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What is ordination coming to? Report of a Consultation on the Ordination of Women. World Council of Churches 1971

What is ordination coming to?

Report of a Consultation on the Ordination of Women
held in Cartigny, Geneva, Switzerland 21st-26th September 1970
edited by Brigalia Bam,
first published by the World Council of Churches 1971
and reproduced on our website with the necessary permissions.

TABLE OF CONTENTS

Introduction
1
Material from Preparatory Papers
Women's Rights and Roles in Different Cultures
3
The Ordination of Women: Reflections on Theology and Practice
by Ian M. Fraser
14
The Psychological Factors Relating to the Ordination of Women and the Whole Question of Women and Ministry
by Sirkka Syvanne
22
Developments in the Roman Catholic Church regarding the Ordination of Women
by Tine Govaart-Halkes
30
Insights of a Social Scientist on the Ordination of Women
by James L. Spangenberg
42
Case Study Material provided
Case Studies from Women Theologians
48
Reflections on the Ministry, with special Reference to the Problems and Opportunities of the Ordained Women
by Phyllis Guthardt
53
Reports and Summaries
Report of Group I
59
Report of Group II 65
Report of Group III 72
Summary Report on Survey on Ordination 75
List of Participants 81
Background Papers 85

Introduction

The Consultation on the Ordination of Women, held in Cartigny near Geneva from September 21-26, 1970 under the auspices of the World Council of Churches was unique in the history of ecumenical encounters. The masting brought together 25 participants from 6 continents representing 8 different traditions. They included Roman Catholics and one Orthodox Bishop. This conference was given its mandate in 1968 by the Uppsala Assembly, which stated:

"(We) realise that the question of the admission of women to holy orders has been the subject of several studies. We urge that these be continued, especially taking into account the experience of the increasing number of churches which now ordain women, so that in the light of this experience there may be further theological reflection on the ecumenical implications of this development."

This volume contains the three reports from working groups. The Consultation voted to adopt the conclusions and recommendations, to be transmitted to the WCC member churches and to the WCC itself for action. Some papers that were presented to the Consultation have been included too.

Preparation and Planning

During the preparation for this consultation a survey was sent to ordained women in order that we could obtain some of their experiences. The report of this survey is also included in this volume.
Several people from different cultural and denominational backgrounds were requested to preparebackground material for this Consultation. A resume of these papers has been made.

Fresh Perspective in the Churches

In the churches there is a discernible movement to take the ministries of women with greater seriousness. Now about 72 of the constituent churches of the WCC ordain women. Women who were pioneers in this field have fought through difficulties and won battles which have now made life easier for the next generation of ordained women. The eighteen women, seven of them ordained in their churches, confirmed this statement.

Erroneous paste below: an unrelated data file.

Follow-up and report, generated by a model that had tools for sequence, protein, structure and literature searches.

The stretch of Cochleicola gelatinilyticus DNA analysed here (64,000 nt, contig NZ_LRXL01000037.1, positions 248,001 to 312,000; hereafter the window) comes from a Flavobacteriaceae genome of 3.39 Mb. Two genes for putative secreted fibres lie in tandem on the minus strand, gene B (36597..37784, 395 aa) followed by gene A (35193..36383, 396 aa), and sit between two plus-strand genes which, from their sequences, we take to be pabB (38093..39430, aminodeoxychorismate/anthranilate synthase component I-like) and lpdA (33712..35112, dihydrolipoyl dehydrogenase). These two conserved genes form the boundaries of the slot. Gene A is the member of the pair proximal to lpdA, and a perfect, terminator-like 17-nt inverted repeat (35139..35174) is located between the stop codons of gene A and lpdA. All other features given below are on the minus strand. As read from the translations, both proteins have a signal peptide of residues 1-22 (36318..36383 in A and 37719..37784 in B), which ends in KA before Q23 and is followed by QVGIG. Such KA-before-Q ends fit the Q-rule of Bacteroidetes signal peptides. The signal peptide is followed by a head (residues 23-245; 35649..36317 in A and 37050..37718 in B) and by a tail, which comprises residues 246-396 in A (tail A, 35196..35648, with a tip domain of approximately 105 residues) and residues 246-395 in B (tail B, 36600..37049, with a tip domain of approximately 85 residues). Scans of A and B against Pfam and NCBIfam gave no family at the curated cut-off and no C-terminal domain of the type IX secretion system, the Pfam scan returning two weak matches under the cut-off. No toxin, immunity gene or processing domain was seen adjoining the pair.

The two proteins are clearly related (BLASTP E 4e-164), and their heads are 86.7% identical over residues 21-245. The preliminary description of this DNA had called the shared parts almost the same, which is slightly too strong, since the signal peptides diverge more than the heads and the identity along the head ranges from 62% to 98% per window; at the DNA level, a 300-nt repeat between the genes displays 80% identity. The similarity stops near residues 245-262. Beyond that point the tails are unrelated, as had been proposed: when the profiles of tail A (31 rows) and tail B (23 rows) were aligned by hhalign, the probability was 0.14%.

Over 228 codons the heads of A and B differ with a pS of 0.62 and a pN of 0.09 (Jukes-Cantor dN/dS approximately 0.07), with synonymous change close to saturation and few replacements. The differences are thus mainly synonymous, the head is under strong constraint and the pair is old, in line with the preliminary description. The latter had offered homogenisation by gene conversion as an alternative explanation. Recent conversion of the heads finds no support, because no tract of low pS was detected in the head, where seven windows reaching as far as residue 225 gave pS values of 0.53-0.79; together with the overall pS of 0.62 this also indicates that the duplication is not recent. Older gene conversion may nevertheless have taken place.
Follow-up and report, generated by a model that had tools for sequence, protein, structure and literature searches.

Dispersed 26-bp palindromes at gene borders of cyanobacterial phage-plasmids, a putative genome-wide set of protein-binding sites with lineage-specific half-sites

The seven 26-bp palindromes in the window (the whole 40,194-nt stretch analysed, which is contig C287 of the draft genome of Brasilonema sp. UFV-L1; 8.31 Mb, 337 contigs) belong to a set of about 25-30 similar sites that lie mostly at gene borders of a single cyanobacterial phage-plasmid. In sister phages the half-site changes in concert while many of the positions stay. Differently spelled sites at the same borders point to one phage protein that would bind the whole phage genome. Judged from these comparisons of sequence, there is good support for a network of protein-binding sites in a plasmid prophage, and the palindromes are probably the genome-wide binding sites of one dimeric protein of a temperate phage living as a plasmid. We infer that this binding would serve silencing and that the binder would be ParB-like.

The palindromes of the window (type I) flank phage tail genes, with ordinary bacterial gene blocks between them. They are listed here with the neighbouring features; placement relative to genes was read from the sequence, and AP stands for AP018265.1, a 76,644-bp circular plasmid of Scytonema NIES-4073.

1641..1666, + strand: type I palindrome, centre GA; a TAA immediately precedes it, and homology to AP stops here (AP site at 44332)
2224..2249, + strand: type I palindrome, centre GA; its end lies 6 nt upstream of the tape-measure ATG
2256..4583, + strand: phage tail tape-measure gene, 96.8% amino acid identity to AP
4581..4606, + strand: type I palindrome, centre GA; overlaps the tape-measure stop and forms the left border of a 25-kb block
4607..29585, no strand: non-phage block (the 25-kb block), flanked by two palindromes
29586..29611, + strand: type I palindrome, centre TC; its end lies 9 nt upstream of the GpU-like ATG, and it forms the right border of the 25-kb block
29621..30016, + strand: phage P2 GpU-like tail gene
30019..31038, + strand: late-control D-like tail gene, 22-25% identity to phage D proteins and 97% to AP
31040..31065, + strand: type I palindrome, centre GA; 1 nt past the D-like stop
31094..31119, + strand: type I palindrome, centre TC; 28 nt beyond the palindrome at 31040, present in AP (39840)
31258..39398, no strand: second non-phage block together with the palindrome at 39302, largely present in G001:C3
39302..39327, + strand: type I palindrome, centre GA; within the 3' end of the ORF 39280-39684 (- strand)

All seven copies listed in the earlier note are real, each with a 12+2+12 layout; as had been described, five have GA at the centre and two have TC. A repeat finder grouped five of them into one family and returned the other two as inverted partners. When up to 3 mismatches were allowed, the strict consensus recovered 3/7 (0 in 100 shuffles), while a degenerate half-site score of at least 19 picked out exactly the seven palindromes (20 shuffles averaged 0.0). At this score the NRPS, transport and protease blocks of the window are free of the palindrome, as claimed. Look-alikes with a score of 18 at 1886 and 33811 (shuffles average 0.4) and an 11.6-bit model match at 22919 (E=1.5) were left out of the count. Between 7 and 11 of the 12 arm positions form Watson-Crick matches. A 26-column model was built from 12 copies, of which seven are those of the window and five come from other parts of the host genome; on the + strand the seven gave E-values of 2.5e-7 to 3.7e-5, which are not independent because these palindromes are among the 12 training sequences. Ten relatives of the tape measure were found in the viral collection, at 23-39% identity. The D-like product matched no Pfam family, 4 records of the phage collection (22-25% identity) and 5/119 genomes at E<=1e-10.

No church which has proceeded to the ordination of women has ever had cause to reconsider its decision. Rather the experience has been one of enrichment and greater adequacy in developing flexible forms of ministry. The actual experiences of such churches is of great importance, since so many forbodings are grounded merely in theoretical possibilities, untested by actual experience of the work of ordained women. It is important to note that there were still psychological and sociological problems affecting women differently in their cultures. Some of the American participants were affected by the climate and the strong impact of the women's liberation movement.

It became evident in our discussions that in all the churches the old barriers remain untouched because even after ordination women still had no opportunities for leadership and very few were involved in decision-making.

There was an agreement that theological arguments from scripture and tradition which were previously thought to be decisive are no longer able to sustain their traditional interpretations, which projected a subsidiary role for women in the scheme of creation and redemption. Instead, attention is given to mankind's basic oneness. It is male and female together who are made in the image of God.

The highlight of the Consultation was the closing High Mass according to the Liturgy of the Church of Sweden. All the members of the Consultation felt they could participate. The Orthodox Bishop, who did not receive the elements, pronounced the blessing at the close of the service. This was a moving experience to many of the consultants, especially those who had never received communion from a woman pastor.

 

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